Lionel Messi: A Rough Diamond
Lionel Messi’s life changed forever when he was plucked out of the Spanish-speaking republic of Argentina by a talent scout to play for Barca, which is often referred to as one of the top clubs around the globe- it holds hundreds of millions of soccer fans outside its own borders, from Bangladesh and Guinea-Bissau to San Marino and the Feroe islands.
You cannot become a top sportsman (woman) if you don’t achieve notable results, if you are not a hard worker, and before all, if you are not able to overcome the obstacles in your life. In fact, Lionel Messi knows firsthand about this. Like his fellow Argentine Maradona, Messi is small –who stands 5 feet 8 inches tall– for the position of forward, but he overcame this with a prodigious ability and exceptional intelligence on the filed, earning the nickname “Flea”. Over his athletic career, he also has defeated other hurdles: numerous injuries, especially during Rikjaard’s direction. Throughout his years as a boy, his country underwent one of the deepest recessions in the Americas. But this wasn’t all. Because of an illness, he almost gave up the sport. By 2008, there were troubles to send Messi to the Summer Games due to his dual citizenship and status as a professional footballer in Barcelona. Against club wishes, however, Messi,the greatest professional footballer of all time, arrived at Beijing with the Argentine squad (as a defending champion). In the Olympic arena, soon afterwards, he and his colleagues were champions, making history in the People’s Republic of China. Currently, Barcelona won’t sell Messi for anything in the world.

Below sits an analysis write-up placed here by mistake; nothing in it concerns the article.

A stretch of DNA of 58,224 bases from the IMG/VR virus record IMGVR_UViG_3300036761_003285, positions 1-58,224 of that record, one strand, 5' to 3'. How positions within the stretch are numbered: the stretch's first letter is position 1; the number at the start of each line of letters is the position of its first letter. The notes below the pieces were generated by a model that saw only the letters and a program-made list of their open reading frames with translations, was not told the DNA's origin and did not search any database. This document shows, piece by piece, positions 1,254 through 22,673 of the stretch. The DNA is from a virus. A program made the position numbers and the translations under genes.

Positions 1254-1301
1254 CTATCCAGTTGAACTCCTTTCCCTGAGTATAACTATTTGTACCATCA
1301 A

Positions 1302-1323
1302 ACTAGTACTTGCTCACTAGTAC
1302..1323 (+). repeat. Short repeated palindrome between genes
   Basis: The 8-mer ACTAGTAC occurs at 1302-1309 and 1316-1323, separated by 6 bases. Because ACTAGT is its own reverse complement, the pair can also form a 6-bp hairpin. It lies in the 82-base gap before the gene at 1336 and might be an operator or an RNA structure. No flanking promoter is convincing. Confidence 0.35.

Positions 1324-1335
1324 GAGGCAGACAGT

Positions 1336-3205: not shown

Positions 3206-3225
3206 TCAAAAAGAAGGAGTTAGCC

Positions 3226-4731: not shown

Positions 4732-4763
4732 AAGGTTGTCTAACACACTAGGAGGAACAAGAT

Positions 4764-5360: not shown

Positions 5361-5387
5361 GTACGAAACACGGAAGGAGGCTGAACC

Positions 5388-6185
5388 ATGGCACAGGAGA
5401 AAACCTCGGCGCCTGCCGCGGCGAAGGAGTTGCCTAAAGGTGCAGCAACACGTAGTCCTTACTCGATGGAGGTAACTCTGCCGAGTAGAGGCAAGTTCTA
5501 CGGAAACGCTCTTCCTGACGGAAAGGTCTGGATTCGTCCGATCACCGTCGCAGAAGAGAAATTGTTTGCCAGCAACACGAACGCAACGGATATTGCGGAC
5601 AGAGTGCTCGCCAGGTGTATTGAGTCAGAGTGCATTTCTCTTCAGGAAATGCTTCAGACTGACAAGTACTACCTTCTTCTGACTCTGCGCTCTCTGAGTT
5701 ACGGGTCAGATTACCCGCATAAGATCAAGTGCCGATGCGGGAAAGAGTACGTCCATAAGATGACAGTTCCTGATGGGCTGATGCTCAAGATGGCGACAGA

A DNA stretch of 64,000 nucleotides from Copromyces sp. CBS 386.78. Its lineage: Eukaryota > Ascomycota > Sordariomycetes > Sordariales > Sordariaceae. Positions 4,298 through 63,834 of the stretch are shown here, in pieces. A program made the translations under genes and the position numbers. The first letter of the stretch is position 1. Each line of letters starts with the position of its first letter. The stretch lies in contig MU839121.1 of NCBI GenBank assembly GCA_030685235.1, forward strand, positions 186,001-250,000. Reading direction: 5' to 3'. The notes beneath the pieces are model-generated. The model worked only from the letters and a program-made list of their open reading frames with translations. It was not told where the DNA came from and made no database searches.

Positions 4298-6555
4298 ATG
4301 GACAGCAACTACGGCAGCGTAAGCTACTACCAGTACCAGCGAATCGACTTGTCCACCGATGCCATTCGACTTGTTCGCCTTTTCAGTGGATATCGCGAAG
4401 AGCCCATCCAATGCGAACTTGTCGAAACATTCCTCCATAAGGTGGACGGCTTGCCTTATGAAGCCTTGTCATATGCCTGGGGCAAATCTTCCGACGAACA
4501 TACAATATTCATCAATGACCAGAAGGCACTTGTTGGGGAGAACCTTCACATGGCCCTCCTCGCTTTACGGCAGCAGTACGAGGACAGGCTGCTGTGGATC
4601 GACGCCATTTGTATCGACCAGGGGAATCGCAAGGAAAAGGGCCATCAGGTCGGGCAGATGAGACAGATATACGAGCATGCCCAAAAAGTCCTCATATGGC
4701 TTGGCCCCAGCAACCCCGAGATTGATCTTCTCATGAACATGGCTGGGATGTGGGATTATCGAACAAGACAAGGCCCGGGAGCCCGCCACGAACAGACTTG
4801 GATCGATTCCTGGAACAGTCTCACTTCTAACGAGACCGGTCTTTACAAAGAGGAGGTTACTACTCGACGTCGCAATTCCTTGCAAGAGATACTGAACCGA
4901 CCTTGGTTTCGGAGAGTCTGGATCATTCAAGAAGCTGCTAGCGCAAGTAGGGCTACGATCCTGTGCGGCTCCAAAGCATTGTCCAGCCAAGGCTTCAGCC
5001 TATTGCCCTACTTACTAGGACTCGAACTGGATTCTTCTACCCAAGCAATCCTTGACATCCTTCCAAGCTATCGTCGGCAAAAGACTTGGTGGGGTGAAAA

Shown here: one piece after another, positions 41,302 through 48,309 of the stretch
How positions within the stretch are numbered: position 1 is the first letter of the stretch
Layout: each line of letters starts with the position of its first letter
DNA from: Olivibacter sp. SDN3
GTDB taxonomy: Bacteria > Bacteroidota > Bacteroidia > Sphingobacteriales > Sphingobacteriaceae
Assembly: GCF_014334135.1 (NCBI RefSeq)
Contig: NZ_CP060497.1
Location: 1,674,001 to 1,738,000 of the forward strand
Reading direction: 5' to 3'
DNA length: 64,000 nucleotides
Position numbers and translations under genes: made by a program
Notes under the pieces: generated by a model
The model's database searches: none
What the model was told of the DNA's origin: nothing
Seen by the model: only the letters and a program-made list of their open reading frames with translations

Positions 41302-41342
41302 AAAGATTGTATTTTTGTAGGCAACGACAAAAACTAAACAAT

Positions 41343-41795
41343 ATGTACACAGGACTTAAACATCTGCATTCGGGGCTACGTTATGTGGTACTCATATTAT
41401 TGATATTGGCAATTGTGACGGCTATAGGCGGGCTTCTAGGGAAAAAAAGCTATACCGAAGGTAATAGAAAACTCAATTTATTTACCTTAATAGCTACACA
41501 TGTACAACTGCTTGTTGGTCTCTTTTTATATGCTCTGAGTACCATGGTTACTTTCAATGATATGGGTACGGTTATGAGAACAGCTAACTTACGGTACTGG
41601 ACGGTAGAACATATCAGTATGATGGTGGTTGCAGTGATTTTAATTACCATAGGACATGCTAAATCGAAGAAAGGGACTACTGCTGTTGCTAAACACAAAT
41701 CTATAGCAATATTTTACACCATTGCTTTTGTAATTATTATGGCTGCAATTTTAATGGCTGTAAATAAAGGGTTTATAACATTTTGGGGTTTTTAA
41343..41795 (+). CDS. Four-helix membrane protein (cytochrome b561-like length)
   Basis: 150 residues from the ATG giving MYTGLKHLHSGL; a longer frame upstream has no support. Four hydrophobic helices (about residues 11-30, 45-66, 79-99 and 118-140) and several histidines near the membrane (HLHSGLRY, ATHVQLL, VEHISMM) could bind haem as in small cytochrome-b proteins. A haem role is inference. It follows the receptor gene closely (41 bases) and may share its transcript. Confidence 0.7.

Messi bases his success on being able to offer a play based on passion, determination, hard discipline, and an exceptional ability. No player can ever be categorized as invincible in football world, but Messi is probably the most talented man ever to carry a ball. In all his matches, Messi plays as if were a game for the FIFA World Championship.